SCRIPT LANGUAGE="JavaScript"> < We Blog: Voice

Tuesday, March 14, 2006


Toby, at DivaMarketing, says:

Sometimes when I come across a new blog, I click on very first post and read a few of the beginning writings. Then I'll skip back up to the current level. It helps give me a sense of the person.

You've now been blogging for about six weeks (as part of this course). Try this experiment on yourself. (And plan to try it again at the end of the semester.) Anything interesting to note?

When I do this comparison on my own blog, I notice not so much a change in my written "voice," but I do notice what Toby might call "growth" in what I do. I've used a lot of visuals, lately, for example. I'd also like to think I've got some "texture" in my blog, that I don't always do the same thing, that the blog as a whole is a sum of at least a few parts, not just the same old thing stacked up.

What *is* voice, anyway? When we say we like the "voice" of a given blog, what are we talking about? Can you give examples?

And would anyone argue that it could be possible to have an interesting, highly readable blog that doesn't have what we conventionally think of as "voice"?

Is wabi-sabi about voice, for example?

Rod Padgett, a poet, has a somewhat satirical poem called "Voice." Another contemporary poet, Bruce Covey, has this to say about the poem and about the concept of voice:

I think the idea of a singular “voice” is something that many poets try to achieve, something that’s taught in many graduate writing programs. My feeling is that a poem is so many things—a visual, rhythmic, structured text invested with some sort of intention—that voice seems like a rather arbitrary quality to make absolute or constant. I prefer a more elaborate matrix in which form and content, visual and oral, are always interrelated and dependent upon one other. I’m not sure how I could—or why I would—write in a single voice all of the time. I applaud those who wish to and do. I’m a fan of Ron Padgett’s poem “Voice,” which ends, “I hope I never find mine. I / wish to remain a phony the rest of my life.” That said, I do believe my poems are united in different ways, particularly within each book.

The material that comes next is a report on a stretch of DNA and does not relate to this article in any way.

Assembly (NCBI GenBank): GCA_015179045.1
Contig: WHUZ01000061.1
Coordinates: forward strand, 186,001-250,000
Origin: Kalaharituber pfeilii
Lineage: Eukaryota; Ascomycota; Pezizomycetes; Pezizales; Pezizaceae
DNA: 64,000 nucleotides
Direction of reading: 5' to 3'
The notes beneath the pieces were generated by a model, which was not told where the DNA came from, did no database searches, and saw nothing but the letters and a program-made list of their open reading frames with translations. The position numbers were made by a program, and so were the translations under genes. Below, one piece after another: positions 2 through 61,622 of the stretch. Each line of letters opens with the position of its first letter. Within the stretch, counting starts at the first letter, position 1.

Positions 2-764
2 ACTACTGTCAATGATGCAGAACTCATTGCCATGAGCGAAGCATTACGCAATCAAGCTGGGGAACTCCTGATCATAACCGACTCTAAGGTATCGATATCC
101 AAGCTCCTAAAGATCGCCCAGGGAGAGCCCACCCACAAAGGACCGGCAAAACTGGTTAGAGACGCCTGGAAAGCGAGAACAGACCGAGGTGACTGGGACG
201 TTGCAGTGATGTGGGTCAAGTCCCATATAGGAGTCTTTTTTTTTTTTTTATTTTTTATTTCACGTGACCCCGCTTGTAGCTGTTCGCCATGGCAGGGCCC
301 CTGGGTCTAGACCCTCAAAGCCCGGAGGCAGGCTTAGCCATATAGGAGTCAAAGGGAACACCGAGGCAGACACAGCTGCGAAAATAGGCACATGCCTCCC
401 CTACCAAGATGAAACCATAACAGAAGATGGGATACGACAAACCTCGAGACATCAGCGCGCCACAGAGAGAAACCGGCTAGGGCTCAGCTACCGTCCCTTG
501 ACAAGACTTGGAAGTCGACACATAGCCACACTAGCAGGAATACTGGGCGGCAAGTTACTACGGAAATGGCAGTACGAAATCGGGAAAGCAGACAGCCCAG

Can/should a blog have voices rather than voice?

[And I also want to explore this theme today: Close Encounters. More on that in class.]


At Tue Mar 14, 02:59:00 PM, Blogger J L said...

The last line of this entry is what I would like to focus on today. This issue of "voices" rather than "voice."

Personally I would like to see just one voice come out in writing. I think that people's writing style changes from time to time, but a person doesn't change how their words are perceived. If somone is serious with their voice consistently then a humorous post is only going to throw their readers off.

Voice and style are two very different things, and I think that voice is something that really reveals what kind of person really is. And that can never be changed or altered.

At Tue Mar 14, 03:15:00 PM, Blogger Tanner Flowers said...

4 a : wish, choice, or opinion openly or formally expressed (the voice of the people) b : right of expression; also : influential power

I don't know what blog voice can be but when I think of it, it would be nice if it looked like this entry out of Merraim-Webster's.

Do I have a singular voice? I don't know.

But, I do use a blog as a right of expression.

Whether I can look at my, or anyone else's, blog and comment on voice in stylistic terms is one thing, but I can say that there are some good things expressed.


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